The city of Bel Aire held a ceremonial groundbreaking on Monday for the first phase of an 800-acre light industrial and manufacturing park, Sunflower Commerce Park.
Economic development officials at the groundbreaking on the east side of Webb Road at 50th Street North said the new park will help them recruit companies to the area because the first phase of the park will include 155 acres of shovel-ready sites, with roads and utilities in place. The first phase of the park is platted for 3- to 15-acre lots.
“We are always looking for good quality sites to showcase our community,” said Suzie Ahlstrand, interim CEO of the Greater Wichita Economic Development Coalition, in an interview before the groundbreaking. “This is a great addition.”
Ahlstrand added that every prospective tenant of an industrial park has its own set of needs, and the addition of Sunflower Commerce Park presents economic development officials another option to offer industrial users. GWEDC will begin marketing the park immediately as part of the area’s available industrial space, she said.
According to Grubb & Ellis Martens Commercial Group, there is a 6.7 percent vacancy rate for Wichita area industrial space as of the third quarter of 2012.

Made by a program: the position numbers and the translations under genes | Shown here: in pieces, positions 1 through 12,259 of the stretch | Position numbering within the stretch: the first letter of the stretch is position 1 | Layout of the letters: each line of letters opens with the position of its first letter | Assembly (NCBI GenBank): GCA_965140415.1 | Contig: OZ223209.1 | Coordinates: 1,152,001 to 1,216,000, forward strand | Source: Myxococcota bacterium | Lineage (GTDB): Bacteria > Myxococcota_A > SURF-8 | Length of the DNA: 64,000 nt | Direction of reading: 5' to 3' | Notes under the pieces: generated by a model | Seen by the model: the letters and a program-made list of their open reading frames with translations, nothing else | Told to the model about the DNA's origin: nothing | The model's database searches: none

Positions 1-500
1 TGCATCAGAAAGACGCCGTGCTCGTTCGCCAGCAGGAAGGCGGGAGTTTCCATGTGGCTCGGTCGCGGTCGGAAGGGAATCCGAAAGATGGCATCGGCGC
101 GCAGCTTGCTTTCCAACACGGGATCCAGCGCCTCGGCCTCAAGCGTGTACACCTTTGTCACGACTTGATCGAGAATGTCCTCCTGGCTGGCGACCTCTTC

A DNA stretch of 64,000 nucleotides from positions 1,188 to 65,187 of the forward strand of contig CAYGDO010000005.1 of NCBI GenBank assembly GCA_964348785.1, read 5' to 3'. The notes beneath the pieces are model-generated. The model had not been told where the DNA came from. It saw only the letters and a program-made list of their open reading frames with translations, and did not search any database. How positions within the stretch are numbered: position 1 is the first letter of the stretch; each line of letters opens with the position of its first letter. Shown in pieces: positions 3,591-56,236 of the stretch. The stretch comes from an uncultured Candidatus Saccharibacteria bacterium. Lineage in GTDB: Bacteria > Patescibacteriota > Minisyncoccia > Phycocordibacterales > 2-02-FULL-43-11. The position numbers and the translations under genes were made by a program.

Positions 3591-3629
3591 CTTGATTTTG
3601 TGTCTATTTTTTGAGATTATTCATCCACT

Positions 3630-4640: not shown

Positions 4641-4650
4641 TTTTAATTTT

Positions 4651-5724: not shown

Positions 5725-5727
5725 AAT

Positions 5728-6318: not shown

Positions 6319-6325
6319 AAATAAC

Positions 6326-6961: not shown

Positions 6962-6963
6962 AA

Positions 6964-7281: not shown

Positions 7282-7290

“To be able to have 150 acres that is ready to be built upon really puts us in a competitive position,” said Marlin Penner, supervising broker and president of NAI John T. Arnold Associates, which is representing the park in property sales.
Sunflower’s first tenant is Century Manufacturing, which produces Lucite and acrylic awards and other products for business. Jim Laubach, Century’s owner, said the company should be operating out of the 36,000-square-foot building at Sunflower in January. “I had a need to do something quick once we sold our building,” he said at the ceremony.
In an interview afterwards, Laubach said his company no longer needs the 110,000-square-foot building it occupies at 3351 N. Webb. He said the company has lost some business to manufacturers in China and it went from peak employment of 120 workers to 29. It sold the building in July to Goodwill.
Bel Aire City Manager Ty Lasher said the park has other prospective users.
“We’re talking with one other business and we have interest from two others,” Lasher said after the ceremony.
He said once the roads are in for the first phase of the park, which Lasher expects to be done by the end of December, “that will also help spur interest” in the park. Sedgwick County will pave 45th and 53rd streets to the site.
Law Kingdon, TranSystems and Schwab Eaton were contractors on the master plan of the park, which also has a Union Pacific industrial line running through it.